Cut the fat
The effect of stress on body composition
By avoiding these 7 common mistakes and simply tweaking your training you will make the most of every sweaty session, and that’s what it’s all about.
When it comes to results, consistency is king. Without it, your efforts don’t translate into results. Whether your goal is to improve strength or fitness, a minimum of 2-3 sessions per week, every week, will get you there.
Having said that, be mindful that training every day often leads to burn out. Don’t fall into the common trap of believing that more exercise is better. The body needs time to recover and rebuild after each session. For best results, plan for a minimum of 1-2 rest days per week.
Not working hard enough
Our bodies are incredibly efficient. To create change in muscle tissue, the body needs to be faced with a stress that is outside what is comfortable. To gauge this, the Rating of Perceived Exertion (RPE) scale is a useful tool. For changes related to the development of strength and anaerobic fitness, aim to have a RPE of 8 or above. This translates to a challenging intensity where it is difficult to talk during exercise. For resistance training, a RPE rating of 8 means that you finish your set with no more than 2 repetitions in reserve.
Not enough sleep
Skimping on sleep is a one way track to ineffective training sessions. Not only does sleep deprivation tend to kill motivation but it also limits the time in which the body can repair and rebuild muscle tissue overnight. Aim for 7-8 hours of sleep per night.
A good training program without adequate nutrition is like fueling a high-performance car with the wrong fuel – practically useless. When performance is concerned, not any old fuel will do. If you want results then your training needs to be supported by premium nutrition. Stick to real foods (non-processed, non-packaged) that are high in protein and fibre, provide good fats and complex carbohydrates.
High levels of stress
Stress can present itself in many forms: a stressful relationship, work environment, family situation or even overtraining. It often leads to a plateau in results or even worse, a detraining effect where you will start to lose strength and fitness despite maintaining your regular sessions.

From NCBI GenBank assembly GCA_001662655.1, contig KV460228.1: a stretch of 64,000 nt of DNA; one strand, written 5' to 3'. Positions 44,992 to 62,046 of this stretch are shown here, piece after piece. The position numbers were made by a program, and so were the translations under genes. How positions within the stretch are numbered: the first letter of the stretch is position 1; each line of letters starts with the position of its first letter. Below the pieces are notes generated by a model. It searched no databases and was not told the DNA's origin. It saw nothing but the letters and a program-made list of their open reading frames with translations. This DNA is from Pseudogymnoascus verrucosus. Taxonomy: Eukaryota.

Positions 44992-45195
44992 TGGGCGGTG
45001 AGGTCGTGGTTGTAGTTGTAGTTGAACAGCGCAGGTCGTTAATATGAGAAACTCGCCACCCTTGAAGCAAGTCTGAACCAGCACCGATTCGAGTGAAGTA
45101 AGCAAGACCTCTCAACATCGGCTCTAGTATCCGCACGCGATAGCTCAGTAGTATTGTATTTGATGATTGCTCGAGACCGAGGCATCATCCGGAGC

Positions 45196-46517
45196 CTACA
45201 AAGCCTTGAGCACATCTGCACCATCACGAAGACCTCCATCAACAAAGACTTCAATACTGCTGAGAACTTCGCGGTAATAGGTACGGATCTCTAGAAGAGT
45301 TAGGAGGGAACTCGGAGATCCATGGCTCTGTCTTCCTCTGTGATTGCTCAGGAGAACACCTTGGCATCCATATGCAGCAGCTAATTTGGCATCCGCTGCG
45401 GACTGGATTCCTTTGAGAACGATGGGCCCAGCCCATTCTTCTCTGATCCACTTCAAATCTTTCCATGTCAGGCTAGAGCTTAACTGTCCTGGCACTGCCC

Stress leads to the release of adrenaline and cortisol, hormones that are responsible for getting us out of trouble when situations become tricky. While useful in small doses, when these hormones are elevated over long periods of time your results will be heavily effected.
Stress can have a negative impact upon sleep, nutrition and overall motivation. By reducing stress you can create a positive flow-on effect to other areas of your life. Meditation, yoga, exercise and time spent in nature are all found to be effective in reducing stress levels.
Training with incorrect form seems like an obvious mistake . However, it is a common one. A poorly performed movement will not be effective in developing strength while also increasing the risk of injury. Recovery from injury can create major setbacks in your training. Ask a Personal Trainer for help with your form before starting a new program.
This one is simple: You get what you train for. What is the main result you are looking to achieve? Your training program needs to relate specifically to your goal. You won’t improve your upper body strength through a running program. You won’t improve your running speed with yoga alone. If you have a general approach to your training, you will get a general result. By understanding the reason why you sweat, you will be on a much shorter path to achieving your goals.
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